House Bill 816 seeks to make several changes to the Construction Workplace Misclassification Act. The 3 primary changes are:

PA State Representative Caltagirone.jpg(1) It adds conviction of an offense for fraudulent business practices under 18 Pa.C.S.A. ยง 4107 as a violation of the act.

(2) It changes the grading of the criminal elements of the statute by changing all violations presently categorized as third degree misdemeanors to second degree misdemeanors. It also increases anything presently classified as a second degree misdemeanor as a first degree offense.

(3) Finally, it imposes a penalty of debarment for all work with the state for 5 years if found to be in violation.

The primary sponsor of this legislation is Representative Caltagirone. It has been referred to the Committee on Labor and Industry.

Green Parking Initiative

Posted by:  Josh Quinter  (jquinter@kaplaw.com)

The Green Building Certification Institute, which handles certification for the U.S. Green Building Council responsible for LEED Certification, has signed a Memorandum of Understanding with the International Parking Institute and the Green Parking Council. The goal of the cooperation agreement is to encourage sustainability in the transportation network that supports green buildings. The ultimate goal is to create and promote a Green Garage Certification program that will apply the same ideas that drive the LEED Certification process in the parking component of construction.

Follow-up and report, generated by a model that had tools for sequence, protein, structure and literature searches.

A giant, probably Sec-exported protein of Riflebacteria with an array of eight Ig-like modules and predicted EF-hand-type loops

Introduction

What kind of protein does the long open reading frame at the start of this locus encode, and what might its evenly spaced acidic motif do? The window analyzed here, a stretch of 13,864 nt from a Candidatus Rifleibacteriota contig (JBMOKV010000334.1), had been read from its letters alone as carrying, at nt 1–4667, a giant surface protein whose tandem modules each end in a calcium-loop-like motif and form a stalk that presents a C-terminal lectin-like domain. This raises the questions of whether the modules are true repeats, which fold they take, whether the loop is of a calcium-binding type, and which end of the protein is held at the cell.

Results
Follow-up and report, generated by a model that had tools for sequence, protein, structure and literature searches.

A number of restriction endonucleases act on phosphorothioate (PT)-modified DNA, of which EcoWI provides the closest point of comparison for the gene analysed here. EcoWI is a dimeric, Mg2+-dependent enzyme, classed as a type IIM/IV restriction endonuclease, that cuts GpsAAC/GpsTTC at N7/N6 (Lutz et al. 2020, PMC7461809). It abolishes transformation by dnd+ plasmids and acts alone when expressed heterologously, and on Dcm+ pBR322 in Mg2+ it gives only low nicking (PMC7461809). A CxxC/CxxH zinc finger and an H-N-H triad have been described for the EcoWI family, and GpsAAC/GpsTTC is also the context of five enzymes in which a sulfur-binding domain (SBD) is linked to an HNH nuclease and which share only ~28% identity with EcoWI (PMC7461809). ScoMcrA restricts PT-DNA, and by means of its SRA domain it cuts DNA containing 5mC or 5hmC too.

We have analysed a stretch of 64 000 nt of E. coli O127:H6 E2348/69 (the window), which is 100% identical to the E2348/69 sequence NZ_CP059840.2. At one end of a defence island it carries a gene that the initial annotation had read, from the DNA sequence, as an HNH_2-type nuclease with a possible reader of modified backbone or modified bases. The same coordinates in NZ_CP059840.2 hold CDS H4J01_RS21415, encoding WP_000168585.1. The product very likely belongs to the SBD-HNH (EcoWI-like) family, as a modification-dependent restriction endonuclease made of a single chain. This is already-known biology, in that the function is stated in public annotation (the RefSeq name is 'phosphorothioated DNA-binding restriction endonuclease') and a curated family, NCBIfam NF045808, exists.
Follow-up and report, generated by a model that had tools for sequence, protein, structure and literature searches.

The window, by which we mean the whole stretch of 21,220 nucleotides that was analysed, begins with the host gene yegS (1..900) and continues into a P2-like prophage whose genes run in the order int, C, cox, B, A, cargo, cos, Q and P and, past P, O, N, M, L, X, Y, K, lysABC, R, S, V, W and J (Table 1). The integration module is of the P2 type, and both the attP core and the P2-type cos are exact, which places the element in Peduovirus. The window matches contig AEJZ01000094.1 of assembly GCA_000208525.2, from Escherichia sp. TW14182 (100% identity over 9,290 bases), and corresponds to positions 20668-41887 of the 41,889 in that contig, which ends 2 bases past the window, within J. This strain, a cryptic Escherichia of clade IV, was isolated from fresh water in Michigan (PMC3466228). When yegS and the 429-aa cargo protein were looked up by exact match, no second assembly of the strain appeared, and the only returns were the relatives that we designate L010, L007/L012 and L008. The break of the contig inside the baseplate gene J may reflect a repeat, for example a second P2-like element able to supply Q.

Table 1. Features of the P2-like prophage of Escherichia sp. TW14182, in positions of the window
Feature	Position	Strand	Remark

The certification program will include about 50 elements that, ironically, include promotion of alternative modes of transportation and discourage automobile use. Although not stated directly by those involved, it can safely be assumed that the elements involved in the evaluation process will be focused on the ultimate goal of cutting carbon emissions. It is unclear whether this will become part of the LEED Certification process or remain a separate element.

2014 A Better Year For Construction In Place Numbers

Posted by:  Josh Quinter  (jquinter@kapaw.com)

According to the Raleigh, North Carolina based form FMI Corp., 2014 was a vastly better year than 2013 in terms of total construction in place (CPIP). The total for 2014 was $62 billion more - a 7 percent increase - than the year before. The gross number for 2014 was estimated to be around $972 billion. In even better news, the projected number for 2015 exceeds $1 trillion.